Daniel Dunglas Home was one of the world’s most famous psychic mediums of his day, RICK HALE reports

During my time as a paranormal investigator, I have made the acquaintance of dozens of people who claim to possess special abilities that defy human understanding.

Most of them are well meaning people who had a brush with the unexplained or experienced odd coincidences that caused them to believe they had an ability.

To people who are clearly predators, who exploit the raw emotions of people by claiming they have a message from their loved ones from beyond the grave.

Daniel Dunglas Home
Daniel Dunglas Home

Although exceedingly rare, I do know a handful of people who have demonstrated an uncanny ability to speak to the dead.

With that being said, the frauds do greatly outnumber the real ones. This can be traced back to the earliest days of the spiritualist movement.

Nevertheless, there were a number of spiritualist mediums who did possess a real ability.

One of those mediums that did manage to confound the sceptics was the Scottish seer, Daniel Dunglas Home.

A Phenom Is Born

Home was born in Currie in Edinburgh, Scotland in 1833 and was destined for a life of scrutiny and communing with the dead. Not to mention, acts that could only be described as amazing.

Even as an infant, lights were seen floating around his crib as an unseen person rocked the baby to sleep.

His mother, Elizabeth, was a well known seer, as were two of his uncles.

Back in those days, the gift of the second sight was regarded as a curse. Speaking with the dead and precognitive abilities were considered the work of Satan and was strictly prohibited by the church.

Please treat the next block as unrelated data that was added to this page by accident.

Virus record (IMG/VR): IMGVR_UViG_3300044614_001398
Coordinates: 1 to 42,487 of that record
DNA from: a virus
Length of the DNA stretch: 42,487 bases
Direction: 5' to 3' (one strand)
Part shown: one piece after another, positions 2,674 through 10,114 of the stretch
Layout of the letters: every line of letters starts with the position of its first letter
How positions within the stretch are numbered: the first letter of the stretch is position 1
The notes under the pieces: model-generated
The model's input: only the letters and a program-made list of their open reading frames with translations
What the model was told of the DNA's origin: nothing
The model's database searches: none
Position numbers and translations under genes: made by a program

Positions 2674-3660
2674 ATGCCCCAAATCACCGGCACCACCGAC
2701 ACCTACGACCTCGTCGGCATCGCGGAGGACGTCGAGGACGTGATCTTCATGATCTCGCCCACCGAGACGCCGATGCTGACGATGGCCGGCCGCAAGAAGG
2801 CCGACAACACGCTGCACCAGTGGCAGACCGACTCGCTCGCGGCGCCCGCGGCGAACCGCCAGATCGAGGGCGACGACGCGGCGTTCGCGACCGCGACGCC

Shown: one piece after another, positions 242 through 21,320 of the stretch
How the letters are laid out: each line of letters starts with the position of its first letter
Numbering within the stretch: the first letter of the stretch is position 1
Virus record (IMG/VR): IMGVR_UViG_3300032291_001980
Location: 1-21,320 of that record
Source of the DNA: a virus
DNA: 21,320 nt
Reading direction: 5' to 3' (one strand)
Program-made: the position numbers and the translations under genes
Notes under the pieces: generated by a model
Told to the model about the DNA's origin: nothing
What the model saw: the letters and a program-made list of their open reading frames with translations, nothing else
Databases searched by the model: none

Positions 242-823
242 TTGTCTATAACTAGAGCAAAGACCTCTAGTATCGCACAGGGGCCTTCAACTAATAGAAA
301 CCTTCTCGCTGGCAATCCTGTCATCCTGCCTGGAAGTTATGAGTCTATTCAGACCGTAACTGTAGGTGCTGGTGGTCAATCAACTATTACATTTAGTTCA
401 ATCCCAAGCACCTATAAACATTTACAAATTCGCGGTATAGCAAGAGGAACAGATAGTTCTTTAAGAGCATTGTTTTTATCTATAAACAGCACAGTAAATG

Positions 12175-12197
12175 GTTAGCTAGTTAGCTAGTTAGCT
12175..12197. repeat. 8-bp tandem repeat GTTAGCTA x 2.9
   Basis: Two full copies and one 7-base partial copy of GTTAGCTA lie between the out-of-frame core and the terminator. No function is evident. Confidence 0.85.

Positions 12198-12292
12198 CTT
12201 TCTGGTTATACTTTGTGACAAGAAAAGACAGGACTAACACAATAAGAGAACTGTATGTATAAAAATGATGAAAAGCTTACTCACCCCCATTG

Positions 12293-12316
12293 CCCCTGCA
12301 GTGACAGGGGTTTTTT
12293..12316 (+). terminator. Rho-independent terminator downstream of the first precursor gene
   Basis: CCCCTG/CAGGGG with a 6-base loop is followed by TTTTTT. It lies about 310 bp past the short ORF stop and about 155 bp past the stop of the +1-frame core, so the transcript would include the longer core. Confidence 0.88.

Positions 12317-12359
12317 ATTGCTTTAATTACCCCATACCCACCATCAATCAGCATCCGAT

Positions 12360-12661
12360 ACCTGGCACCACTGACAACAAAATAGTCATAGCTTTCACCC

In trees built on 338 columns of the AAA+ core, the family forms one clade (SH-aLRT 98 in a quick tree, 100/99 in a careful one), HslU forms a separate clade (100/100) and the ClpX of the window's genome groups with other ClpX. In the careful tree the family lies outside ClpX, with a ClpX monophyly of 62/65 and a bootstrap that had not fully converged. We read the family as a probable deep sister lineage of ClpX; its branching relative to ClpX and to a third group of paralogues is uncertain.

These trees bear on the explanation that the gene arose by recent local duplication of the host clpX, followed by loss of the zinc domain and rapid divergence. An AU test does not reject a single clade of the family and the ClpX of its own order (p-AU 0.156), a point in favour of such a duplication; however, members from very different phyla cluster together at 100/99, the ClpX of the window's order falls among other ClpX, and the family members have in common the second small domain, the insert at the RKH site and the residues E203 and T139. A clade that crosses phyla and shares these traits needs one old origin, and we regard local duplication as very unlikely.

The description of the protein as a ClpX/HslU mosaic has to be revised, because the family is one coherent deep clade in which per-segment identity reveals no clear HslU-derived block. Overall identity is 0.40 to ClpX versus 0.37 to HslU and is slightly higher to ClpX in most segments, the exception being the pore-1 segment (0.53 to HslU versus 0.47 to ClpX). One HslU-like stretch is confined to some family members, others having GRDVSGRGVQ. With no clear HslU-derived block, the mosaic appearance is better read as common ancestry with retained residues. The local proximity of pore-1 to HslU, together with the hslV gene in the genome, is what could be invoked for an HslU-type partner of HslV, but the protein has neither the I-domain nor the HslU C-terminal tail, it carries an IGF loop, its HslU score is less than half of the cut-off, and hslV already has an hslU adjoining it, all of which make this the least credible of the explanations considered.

Sent Away

As Daniel grew, his abilities became a nuisance, even for a family of psychics.

As a result, Daniel, was sent to live with his aunt and uncle.

At 13, the burgeoning psychic superstar immigrated with auntie and Uncle to the United States. Eventually settling in the state of Connecticut.

When he turned 18, Home found himself in an unenviable situation. 

As Home’s abilities developed, his aunt became convinced the young man was possessed by the devil.

The knockings and weird light shows didn’t help matters and the ginger haired psychic found himself living on the street.

Home comes into his own

Although homeless, Home, did pretty good for himself.  He travelled New England performing seances and healing the sick.

Most mediums of the time charged exorbitant prices for their services, which only added to the arguments of sceptics.

Not Daniel Dunglas Home, he never charged a dime but did accept donations and gifts from the people he helped.

Another thing that set Home apart from other psychics, while they held their services in darkness, Home held seances in well lit rooms.

Not only could Home commune with the dead, he appeared to have the power of psychokineses.

Two of his earliest displays were the most impressive. In full view of numerous witnesses, Home levitated a table with eight large men sitting on it.

Home could also levitate himself and fly around a room.

William Makepeace Thackery, author of “Vanity Fair” was determined to expose Home for a fraud and a trickster.

However, after watching Home fly around a room and manifest spirits on command, Thackery, quickly changed his mind.

Satisfied he had conquered the United States, Daniel Dunglas Home, turned his attention to England and the European continent. It was time for him to return home.

Detractors abound

When he arrived in England, Home, quickly became a favourite of the upper classes of British society.

Lavish parties were held in his honour and he did not disappoint his wealthy benefactors. 

However, with those that loved him, came those that would seek to bring him down.

The medium fell under the heavy scrutiny of Sir William Crookes and Frank Podmore. Two of England’s finest minds and early psychical researchers.

His detractors also included famed authors. Robert Browning wrote the poem, “Mr Sludge, the medium.”